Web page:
We cannot over emphasize the importance of worming rabbits regularly. This advise does not stem from the pathogenicity of rabbit worms or from human health concerns. Rabbit wormers such as Panacur are the only way of preventing a very common infection in rabbits called E.cuniculi. This is a microscopic parasite which can cause head tilt, seizures, blindness and even death. It will also treat roundworms and tapeworms.
Over 50% of apparently healthy rabbits have been exposed to E.cuniculi. It is spread by infected urine or between mothers and babies. Treatment of clinical cases is not always successful which is why prevention is so important. We advise worming rabbits every 3-6months. The wormer is a paste and is very easy to administer by mouth. In addition to regular treatment there are some simple hygiene rules to help keep E.cuniculi away:
- Avoid collecting greens from areas where there are wild rabbits or rodents
- Use separate rather than tiered housing to prevent urine splash
- Ensure wild rodents and rabbits do not have access to the vicinity of hutches and runs.
Neutering of both sexes is strongly recommended. It reduces aggression and prevents unwanted litters. Unfortunately, unplanned litters are a frequent problem because young rabbits are notoriously difficult to sex. Entire male rabbits can spray urine in a similar manner to a Tom cat which can be very unpleasant. It is estimated that 80% of entire female rabbits develop uterine cancer by five years of age. The operation is best performed in both sexes at 4-5 months of age.
Is neutering safe?
The safety of rabbit anaesthesia is very dependent on the anaesthetic agent used and the experience of the veterinary surgeon. We are very experienced in neutering male and female rabbits and we use an inhalational anaesthetic called Isoflurane. This results in a very rapid recovery from anaesthesia and complications are rare.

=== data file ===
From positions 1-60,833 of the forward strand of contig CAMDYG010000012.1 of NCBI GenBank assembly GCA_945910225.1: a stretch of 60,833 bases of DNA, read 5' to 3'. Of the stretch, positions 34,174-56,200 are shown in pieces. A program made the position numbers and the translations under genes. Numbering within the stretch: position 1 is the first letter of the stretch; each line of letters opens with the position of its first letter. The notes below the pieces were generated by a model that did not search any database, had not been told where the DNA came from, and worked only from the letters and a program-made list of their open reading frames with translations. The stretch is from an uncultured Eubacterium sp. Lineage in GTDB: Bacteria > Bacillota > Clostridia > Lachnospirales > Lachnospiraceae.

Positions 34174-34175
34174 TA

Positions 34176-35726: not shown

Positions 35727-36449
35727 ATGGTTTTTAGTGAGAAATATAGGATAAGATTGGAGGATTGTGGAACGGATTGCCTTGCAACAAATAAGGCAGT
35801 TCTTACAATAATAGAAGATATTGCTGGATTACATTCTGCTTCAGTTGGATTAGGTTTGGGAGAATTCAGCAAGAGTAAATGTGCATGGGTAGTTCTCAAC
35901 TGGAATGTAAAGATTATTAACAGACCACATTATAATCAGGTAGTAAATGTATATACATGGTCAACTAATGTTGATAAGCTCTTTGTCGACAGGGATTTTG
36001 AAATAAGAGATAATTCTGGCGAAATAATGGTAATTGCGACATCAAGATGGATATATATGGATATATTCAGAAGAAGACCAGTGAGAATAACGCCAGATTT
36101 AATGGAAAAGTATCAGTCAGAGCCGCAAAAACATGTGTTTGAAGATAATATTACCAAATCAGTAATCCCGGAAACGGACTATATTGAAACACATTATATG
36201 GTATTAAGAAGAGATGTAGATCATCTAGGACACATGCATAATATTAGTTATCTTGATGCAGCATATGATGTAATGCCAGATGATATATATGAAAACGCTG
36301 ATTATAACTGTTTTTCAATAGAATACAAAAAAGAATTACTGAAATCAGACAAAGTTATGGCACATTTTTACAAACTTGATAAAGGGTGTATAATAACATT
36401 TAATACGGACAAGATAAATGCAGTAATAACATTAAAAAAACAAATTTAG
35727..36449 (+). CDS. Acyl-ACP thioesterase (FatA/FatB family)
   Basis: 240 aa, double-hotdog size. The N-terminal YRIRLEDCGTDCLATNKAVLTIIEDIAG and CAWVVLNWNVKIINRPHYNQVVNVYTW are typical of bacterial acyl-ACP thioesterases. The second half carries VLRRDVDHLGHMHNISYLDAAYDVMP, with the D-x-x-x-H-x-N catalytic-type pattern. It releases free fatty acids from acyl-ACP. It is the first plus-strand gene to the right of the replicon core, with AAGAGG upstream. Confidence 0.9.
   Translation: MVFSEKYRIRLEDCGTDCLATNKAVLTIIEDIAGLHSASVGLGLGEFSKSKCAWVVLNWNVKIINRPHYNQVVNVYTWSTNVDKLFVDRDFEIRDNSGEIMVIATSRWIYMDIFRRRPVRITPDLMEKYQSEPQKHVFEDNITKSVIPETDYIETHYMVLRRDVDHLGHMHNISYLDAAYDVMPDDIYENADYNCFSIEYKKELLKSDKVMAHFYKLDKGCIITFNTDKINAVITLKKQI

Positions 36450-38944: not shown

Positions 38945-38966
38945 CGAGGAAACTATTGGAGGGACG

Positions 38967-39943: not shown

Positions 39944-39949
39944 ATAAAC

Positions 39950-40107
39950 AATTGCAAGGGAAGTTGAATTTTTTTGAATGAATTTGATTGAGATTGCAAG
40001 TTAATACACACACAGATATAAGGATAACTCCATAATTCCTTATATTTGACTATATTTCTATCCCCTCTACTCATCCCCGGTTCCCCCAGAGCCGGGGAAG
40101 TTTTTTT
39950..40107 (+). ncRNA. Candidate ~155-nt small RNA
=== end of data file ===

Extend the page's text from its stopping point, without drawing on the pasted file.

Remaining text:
Should my rabbit be fasted prior to surgery?
Rabbits cannot vomit so food does not need to be withheld prior to surgery. It is important that rabbits have access to food and water at all times. Rabbits admitted to the surgery for neutering have food available before and after the operation.
Pet rabbits should be vaccinated against Myxomatosis and Viral Haemorrhagic Disease. At Longmead Vets we use a combined vaccine so your rabbit only needs a single annual injection. We see several cases of Myxomatosis in pet rabbits every year. This deadly virus can be transmitted by fleas, mosquitoes and a common rabbit mite called Cheyletiella. Direct contact with wild rabbits is not required for transmission.
Flystrike (Myiasis) is very common during the summer months and occurs secondary to the matting of faecal material in the tail area. Maggots develop very quickly and can cause extensive damage literally over night. If your rabbit suffers from a regular dirty bottom come and talk to us because it can stem from dietary problems. Flystike can be prevented by addressing any dietary issues and by using a sponge on product around the tail are during the summer months.
Mites are very common and a close inspection of you rabbits fur will reveal areas of obvious dandruff if they are present. They are very infectious and all incontact rabbits and guinea pigs should be treated. Treatment is very simple and involves a spot-on product.
Rabbits teeth grow continuously. If the teeth do not meet properly (malocclusion) the result can be sharp spurs which cause sores on the cheek and tongue. If your rabbit appears to be having problems eating, losing weight, or salivating then the teeth should be examined.
Runny Eyes (Dacrocystitis)
Dental problems and infection can cause a white discharge from your rabbits eyes and matting of the surrounding fur. This can usually be managed by addressing the underlying problems and flushing the tear ducts. Tear duct flushing is a simple painless procedure which can be done during a normal consultation and rarely requires any anaesthesia.